“The coronavirus pandemic has affected all of our lives, but long-term the biggest impacts may be on the very world we live in.” This is the opening statement of the new Eco Index 2021 report by market research company Savanta, looking at COVID’s impact on the environment.

Eco Index 2021: Will the COVID-19 recovery be green? analyzes the views of 6,000 adults (2,000 in the UK, 2,000 in the US and 2,000 in Canada) on climate change and sustainability ahead of COP26, and details the action they want to see from Government as each nation emerges from the peak of the pandemic.

The report describes how green policies ‘fell off the agenda’ as governments ‘prioritized handling the economic fallout from COVID-19. Despite the well-documented anthropause (caused by global lockdowns leading to an opportunity for the environment to show ‘green shoots of recovery’) key findings reveal that 66% of millennials and Gen Z in the UK believe that overall the pandemic has ‘slowed or reversed action against climate change’.

Savanta reports that 64% agree the UK’s economic rebound ‘should prioritize a green recovery focusing on investment in clean energy and infrastructure’. 59% would support a government-imposed financial levy to prevent disposable masks from being cheaper to buy than reusable ones, to combat the ‘staggering’ 53 million of them which are send to landfill every day [TradeWaste, November 2020].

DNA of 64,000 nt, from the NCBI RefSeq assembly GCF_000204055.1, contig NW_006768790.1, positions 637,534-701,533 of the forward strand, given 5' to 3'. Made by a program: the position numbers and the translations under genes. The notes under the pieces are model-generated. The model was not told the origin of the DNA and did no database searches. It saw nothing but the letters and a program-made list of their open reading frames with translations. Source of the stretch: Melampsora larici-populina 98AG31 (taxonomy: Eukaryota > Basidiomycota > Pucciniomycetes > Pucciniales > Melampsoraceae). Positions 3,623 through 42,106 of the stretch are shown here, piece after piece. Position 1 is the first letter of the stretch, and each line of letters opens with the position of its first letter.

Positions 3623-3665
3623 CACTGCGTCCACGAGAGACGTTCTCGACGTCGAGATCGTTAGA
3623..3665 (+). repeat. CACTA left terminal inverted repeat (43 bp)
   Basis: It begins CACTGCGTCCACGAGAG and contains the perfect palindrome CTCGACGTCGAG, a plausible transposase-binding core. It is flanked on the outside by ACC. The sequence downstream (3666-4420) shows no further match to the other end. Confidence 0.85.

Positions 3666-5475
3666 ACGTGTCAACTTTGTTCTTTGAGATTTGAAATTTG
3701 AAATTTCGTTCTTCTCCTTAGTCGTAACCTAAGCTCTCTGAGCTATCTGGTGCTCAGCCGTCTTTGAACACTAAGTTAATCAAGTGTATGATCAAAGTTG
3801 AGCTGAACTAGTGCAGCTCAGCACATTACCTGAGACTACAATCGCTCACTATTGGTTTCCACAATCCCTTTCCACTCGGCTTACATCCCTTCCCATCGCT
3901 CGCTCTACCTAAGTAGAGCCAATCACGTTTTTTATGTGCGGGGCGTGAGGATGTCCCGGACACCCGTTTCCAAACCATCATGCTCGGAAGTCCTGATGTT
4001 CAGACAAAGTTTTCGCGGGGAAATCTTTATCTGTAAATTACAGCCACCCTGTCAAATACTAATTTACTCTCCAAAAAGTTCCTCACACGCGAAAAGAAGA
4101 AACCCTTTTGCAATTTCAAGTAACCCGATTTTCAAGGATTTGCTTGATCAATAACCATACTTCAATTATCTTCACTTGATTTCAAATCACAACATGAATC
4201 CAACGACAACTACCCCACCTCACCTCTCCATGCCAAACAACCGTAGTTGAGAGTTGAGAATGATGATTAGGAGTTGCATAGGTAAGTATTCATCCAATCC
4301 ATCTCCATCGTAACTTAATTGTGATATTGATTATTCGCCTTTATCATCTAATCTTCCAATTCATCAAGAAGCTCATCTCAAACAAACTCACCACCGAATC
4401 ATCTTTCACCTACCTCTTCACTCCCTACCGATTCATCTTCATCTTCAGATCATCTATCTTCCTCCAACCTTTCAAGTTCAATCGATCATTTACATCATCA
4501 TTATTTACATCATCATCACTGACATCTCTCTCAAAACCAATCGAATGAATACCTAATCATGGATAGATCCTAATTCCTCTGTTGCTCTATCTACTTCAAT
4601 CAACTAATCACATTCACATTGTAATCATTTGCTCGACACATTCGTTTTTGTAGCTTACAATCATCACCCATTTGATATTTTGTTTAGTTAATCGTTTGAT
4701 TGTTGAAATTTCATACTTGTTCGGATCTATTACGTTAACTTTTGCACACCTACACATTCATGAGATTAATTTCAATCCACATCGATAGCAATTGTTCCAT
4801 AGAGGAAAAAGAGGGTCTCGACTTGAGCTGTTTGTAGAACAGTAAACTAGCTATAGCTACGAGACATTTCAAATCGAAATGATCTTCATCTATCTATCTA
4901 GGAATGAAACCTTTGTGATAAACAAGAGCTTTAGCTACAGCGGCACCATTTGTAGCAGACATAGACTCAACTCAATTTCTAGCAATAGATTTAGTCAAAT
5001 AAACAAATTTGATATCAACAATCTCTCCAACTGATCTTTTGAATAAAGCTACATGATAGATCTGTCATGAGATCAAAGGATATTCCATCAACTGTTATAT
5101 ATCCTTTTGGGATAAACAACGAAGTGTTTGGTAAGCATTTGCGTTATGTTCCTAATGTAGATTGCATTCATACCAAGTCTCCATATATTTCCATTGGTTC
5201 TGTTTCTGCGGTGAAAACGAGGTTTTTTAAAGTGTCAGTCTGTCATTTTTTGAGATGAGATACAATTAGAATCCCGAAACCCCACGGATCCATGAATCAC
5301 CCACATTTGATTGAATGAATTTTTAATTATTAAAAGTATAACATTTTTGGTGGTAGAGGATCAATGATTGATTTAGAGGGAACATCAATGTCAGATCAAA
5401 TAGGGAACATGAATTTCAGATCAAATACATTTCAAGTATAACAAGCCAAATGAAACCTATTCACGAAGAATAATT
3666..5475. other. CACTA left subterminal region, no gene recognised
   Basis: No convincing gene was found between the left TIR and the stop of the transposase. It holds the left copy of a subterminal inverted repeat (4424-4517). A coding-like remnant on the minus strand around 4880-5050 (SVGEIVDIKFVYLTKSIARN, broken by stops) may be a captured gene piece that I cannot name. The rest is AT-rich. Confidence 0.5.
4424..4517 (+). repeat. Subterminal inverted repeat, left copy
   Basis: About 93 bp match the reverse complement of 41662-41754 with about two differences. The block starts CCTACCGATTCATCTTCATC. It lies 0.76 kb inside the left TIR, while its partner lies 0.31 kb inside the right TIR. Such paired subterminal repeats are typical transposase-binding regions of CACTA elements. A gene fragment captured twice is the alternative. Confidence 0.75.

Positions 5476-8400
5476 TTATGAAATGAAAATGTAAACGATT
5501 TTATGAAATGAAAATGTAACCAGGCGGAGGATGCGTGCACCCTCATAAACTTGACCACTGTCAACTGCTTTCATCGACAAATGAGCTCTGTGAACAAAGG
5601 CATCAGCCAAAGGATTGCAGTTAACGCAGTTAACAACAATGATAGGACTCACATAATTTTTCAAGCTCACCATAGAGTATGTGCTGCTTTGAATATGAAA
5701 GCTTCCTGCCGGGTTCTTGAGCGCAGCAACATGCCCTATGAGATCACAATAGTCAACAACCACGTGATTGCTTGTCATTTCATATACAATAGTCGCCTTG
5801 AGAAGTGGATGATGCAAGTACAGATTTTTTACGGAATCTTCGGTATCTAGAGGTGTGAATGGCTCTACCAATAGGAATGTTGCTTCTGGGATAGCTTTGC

The coronavirus pandemic has affected all of our lives, but long-term the biggest impacts may be on the very world we live in

Just 42% of Brits believe the UK will achieve its net zero carbon emissions by 2050, while 83% think individual actions counts and ‘we should all do something because we can all make a difference’. Conversely, the study highlights that Gen Z are ‘significantly more likely than Baby Boomers to believe that for a lot of environmental problems, it’s already too late to make a difference and that one person can’t achieve anything’. “Men are significantly more likely to agree with both of these statements than women, but the consequence of such a mentality is that it could lead to passivity and a lack of action.”

91% of Gen Zers report experiencing guilt over their environmental footprint – a ‘relatively modern phenomenon’, says Savanta.

The Eco Index 2021 also looked at the top five items consumers would be willing to sacrifice ‘to halt and reverse climate change in the next 12 months’. Ranking highest was single-use plastic, followed by standard light bulbs, toxic cleaning products, taking long showers and cutting down trees.

When asked about six potential national-level Government actions to encourage sustainability, 56% agreed with harsher penalties for large industrial polluters which violate restrictions; 45% support the idea of increasing industry regulation of pollution-causing activities; and 41% would welcome offering tax incentives or subsidies to increase electronic vehicle uptake. At local level, creating more green space ranked highest in the UK (a particular focus for women), while waste-reduction policies and generating electricity through renewable sources were also cited as important in improving local neighbourhoods.

The report can be read in full here.